find_node returns weird name?

kyelwkyelw Posts: 6Member

I don't think find_node works the way I expect, so I wonder if someone can point out where I am mistaken:

Here's the code:

    for i in range(1,total_items):
        print("item = ",i)
        var match = 0
        var slot_match = "slot%s" % [i]
        print("search = ",slot_match)
        if (find_node(slot_match)):
            print("found a match!")
            match = 1

        if ! (match == 1):
            print("making a new child: slot",i)
            var slot = slot_class.new()

         get_node("inventory").add_child(slot)
            slot.set_name("slot%s" % slot.number)
            print("new slot name: ",slot.get_name())

Here's the output:

        item = 1
        search = slot1
        making a new child: slot1
        new slot name: slot1
        slot_name = slot1

        item = 1
        search = slot1
        making a new child: slot1
        new slot name: @slot1@4
        slot_name = @slot1@4

It looks to me that it creates the first node, but when I search for it, it
can't find it. But when I try to set the name to be "slot1", it creates it with a new name because slot1 is already taken.

Any help would be appreciated, thanks!

Answers

  • razvanc-rrazvanc-r Posts: 84Member

    There's something in your code that you didn't copy in the post, it's impossible for i to have the same value for two consecutive loops which is what you have in the output. Yes, godot has internally that weird naming convention for when you add nodes with the same name or when you want to change the name of a node to a name that is already taken. Also your code is... well you have a pretty interesting way of doing stuff and I surely can't understand why you do it this way. Here, why not do it like so:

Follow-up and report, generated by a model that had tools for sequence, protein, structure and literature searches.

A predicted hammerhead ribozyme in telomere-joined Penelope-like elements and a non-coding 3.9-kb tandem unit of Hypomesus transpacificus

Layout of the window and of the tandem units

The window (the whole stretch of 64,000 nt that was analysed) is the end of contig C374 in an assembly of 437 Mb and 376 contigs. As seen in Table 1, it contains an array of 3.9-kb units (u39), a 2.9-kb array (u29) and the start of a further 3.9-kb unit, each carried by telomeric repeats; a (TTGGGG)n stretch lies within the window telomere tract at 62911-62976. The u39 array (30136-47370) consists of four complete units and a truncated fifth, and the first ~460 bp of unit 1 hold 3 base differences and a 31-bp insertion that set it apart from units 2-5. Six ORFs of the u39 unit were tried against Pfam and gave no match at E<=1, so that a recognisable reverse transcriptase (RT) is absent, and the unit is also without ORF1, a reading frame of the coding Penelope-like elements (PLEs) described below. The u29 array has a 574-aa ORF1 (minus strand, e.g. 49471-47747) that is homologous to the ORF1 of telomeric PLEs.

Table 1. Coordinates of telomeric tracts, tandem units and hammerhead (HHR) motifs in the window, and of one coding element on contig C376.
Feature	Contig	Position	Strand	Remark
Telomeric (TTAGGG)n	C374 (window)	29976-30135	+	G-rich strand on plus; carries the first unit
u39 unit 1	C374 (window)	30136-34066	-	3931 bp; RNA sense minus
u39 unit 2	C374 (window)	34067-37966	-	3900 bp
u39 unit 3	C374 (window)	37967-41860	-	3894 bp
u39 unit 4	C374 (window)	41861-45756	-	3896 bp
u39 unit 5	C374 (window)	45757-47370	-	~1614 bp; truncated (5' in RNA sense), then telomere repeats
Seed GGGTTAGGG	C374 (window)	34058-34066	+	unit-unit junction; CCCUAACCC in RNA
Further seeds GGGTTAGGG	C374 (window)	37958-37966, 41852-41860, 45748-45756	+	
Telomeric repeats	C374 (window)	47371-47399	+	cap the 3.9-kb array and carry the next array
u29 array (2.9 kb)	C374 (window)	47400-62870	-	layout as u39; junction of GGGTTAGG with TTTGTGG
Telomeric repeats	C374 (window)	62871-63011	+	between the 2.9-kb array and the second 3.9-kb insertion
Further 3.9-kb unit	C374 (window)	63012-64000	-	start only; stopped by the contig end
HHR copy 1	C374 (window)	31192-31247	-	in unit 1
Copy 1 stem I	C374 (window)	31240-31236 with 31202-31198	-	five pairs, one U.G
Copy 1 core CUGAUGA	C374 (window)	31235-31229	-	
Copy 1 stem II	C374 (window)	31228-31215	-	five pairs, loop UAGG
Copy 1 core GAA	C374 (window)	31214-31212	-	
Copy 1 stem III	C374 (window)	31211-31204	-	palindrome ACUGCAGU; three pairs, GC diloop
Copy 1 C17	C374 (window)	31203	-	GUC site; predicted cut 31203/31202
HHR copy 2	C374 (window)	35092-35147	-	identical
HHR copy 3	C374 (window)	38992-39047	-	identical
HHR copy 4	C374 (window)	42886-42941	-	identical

onready var inventory = self.get_node("inventory")
    
    # first it should be range(0, total_items) or range(1, total_items + 1) otherwise you end up with 1 item less
    for i in range(0, total_items):
        var name = "slot%s" % i
        if not find_node(name):
            var slot = slot_class.new()
            slot.set_name(name)
            self.inventory.add_child(slot) # <- don't use get_node() when you don't have to, store in self.inventory instead, just get it once
    

    Also, you are adding the node to the inventory BEFORE you change the name, you should definitely first change the name then add it to the tree.

  • kyelwkyelw Posts: 6Member

    I apologize as I was trying to clear a lot of the extra parts of the function to keep it easy to read. And it gets iterated over multiple times, which is why it ends up being 1 more than one time. Here's a full function that I've set up
    to test:

    func set_images():
      var inventory = self.get_node("inventory")
      var total_items = 2 # temporarially set to get code working first
    
      for k in range(1,total_items + 1):
      print("item = ",k)
      var name = "slot%s" % k
      print("search = ",name)
      if not find_node(name):
        print("making a new child: slot",k)
        var slot = slot_class.new()
        slot.set_name(name)
        inventory.add_child(slot)
        print("new slot name: ",slot.get_name())
      else:
        print("slot already exists!")
    
     print(" ")
    

    And here's the output. It looks like it still can't find the node, but has a naming conflict.

       ** Debug Process Started **
       item = 1
       search = slot1
       making a new child: slot1
       new slot name: slot1
    
       item = 2
       search = slot2
       making a new child: slot2
       new slot name: slot2
    
       item = 1
       search = slot1
       making a new child: slot1
       new slot name: @slot1@2